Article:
“I am proud of Chairman Brewer and the entire Legislature for all the hard work and collaboration that went into this budget process,” Senate President Therese Murray (D-Plymouth) said. “While we took care to remain cautious in our spending, we were still able to significantly increase support for some of our most critical services and programs – both on the state and local levels. The result is a comprehensive and fiscally-responsible final budget for the 2015 fiscal year that reflects the many and varied priorities of the Commonwealth.”
“Our FY15 budget agreement strikes a careful balance between making vital investments in our Commonwealth and continuing our practice of fiscal responsibility, which has served us well through challenging financial times,” said Representative Brian S. Dempsey (D-Haverhill), House Chair of the Joint Committee on Ways & Means. “This year, we support and strengthen the services that are most vital to our fellow residents – services like child welfare, higher education, and substance abuse treatment – while ensuring that the implementation of those services is efficient and comprehensive. Accomplishing this task required judicious spending based on sustained principles as we continue to prioritize the well-being of citizens across the Commonwealth.”

“This is a conscientious budget that promotes long-term investments and provides critical services throughout the Commonwealth,” said Senator Brewer (D-Barre), Chairman of the Senate Committee on Ways and Means. “As Massachusetts continues to improve from the Great Recession, we continue to invest in needed services, such as local aid, substance abuse relief programs, and mental health funding, all while maintaining the highest bond rating in state history.”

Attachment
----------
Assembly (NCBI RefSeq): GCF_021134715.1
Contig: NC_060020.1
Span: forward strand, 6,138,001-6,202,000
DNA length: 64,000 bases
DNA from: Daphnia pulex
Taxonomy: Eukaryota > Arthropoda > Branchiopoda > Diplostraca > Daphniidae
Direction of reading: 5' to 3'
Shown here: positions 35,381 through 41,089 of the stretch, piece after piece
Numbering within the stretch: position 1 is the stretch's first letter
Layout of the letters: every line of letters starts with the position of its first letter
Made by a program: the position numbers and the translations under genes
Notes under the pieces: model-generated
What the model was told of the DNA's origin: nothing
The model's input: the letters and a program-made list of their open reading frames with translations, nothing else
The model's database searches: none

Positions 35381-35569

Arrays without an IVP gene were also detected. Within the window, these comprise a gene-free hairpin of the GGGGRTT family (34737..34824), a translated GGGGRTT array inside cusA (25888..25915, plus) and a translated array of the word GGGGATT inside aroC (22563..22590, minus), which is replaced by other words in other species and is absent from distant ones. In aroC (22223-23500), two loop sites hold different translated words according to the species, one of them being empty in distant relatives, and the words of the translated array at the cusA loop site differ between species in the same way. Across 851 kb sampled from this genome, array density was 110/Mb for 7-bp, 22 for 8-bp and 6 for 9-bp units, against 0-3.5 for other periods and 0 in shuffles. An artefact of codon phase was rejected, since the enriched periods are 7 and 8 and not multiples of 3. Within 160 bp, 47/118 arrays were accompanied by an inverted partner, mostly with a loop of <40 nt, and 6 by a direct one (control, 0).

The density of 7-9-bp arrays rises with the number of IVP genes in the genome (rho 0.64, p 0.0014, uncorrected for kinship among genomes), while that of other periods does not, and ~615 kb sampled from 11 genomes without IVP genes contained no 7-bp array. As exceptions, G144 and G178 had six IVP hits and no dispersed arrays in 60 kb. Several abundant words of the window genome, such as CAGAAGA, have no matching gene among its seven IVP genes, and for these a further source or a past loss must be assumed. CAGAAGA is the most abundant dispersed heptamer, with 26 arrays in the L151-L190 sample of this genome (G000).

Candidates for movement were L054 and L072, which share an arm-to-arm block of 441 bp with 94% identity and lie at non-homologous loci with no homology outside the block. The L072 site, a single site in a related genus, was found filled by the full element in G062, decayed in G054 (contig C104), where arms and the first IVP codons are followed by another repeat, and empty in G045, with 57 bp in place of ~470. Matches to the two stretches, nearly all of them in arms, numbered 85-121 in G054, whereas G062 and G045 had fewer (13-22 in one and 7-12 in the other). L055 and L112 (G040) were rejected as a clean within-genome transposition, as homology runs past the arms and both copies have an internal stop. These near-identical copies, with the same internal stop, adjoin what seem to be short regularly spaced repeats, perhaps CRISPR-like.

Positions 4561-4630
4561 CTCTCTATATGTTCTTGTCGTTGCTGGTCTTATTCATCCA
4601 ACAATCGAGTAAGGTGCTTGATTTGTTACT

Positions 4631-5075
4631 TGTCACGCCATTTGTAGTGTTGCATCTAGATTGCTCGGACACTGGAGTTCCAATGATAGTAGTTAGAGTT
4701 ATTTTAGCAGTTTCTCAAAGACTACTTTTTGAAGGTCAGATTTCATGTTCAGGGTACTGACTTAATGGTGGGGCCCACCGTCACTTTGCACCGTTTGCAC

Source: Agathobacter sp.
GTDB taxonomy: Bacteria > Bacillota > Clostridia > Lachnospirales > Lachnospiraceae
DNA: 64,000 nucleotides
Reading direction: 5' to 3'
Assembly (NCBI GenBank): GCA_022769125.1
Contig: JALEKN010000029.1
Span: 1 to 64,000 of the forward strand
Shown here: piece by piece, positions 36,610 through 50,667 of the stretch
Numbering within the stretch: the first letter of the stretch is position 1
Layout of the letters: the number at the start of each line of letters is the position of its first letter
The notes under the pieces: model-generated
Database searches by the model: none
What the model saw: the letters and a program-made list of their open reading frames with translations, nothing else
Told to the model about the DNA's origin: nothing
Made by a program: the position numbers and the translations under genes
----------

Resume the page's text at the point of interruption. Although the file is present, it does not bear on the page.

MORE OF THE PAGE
“This budget’s strong focus on local aid, particularly the significant investment in Chapter 70 school funding, positions the Commonwealth for sustainable growth,” said Representative Stephen Kulik (D-Worthington), House Vice-Chair of the Joint Committee on Ways & Means. “Additionally, the full funding of the Special Education Circuit Breaker, and the major increase in funding for Regional School Transportation to a 90 percent reimbursement rate, will allow our schools to continue to improve as Massachusetts distinguishes itself as a national educational and economic leader.”

“I applaud Chairman Brewer on a fiscally responsible and sustainable budget which invests in every corner of the Commonwealth,” said Senator Jennifer L. Flanagan (D-Leominster), Vice Chair of the Senate Committee on Ways and Means. “This budget is a commitment to the prevention and treatment of substance abuse addictions, to the safety of children throughout the commonwealth, and to the protection of the state’s most vulnerable populations. Strong investments in our communities, education of our children, and the health of our economy will assist and support residents throughout Massachusetts.”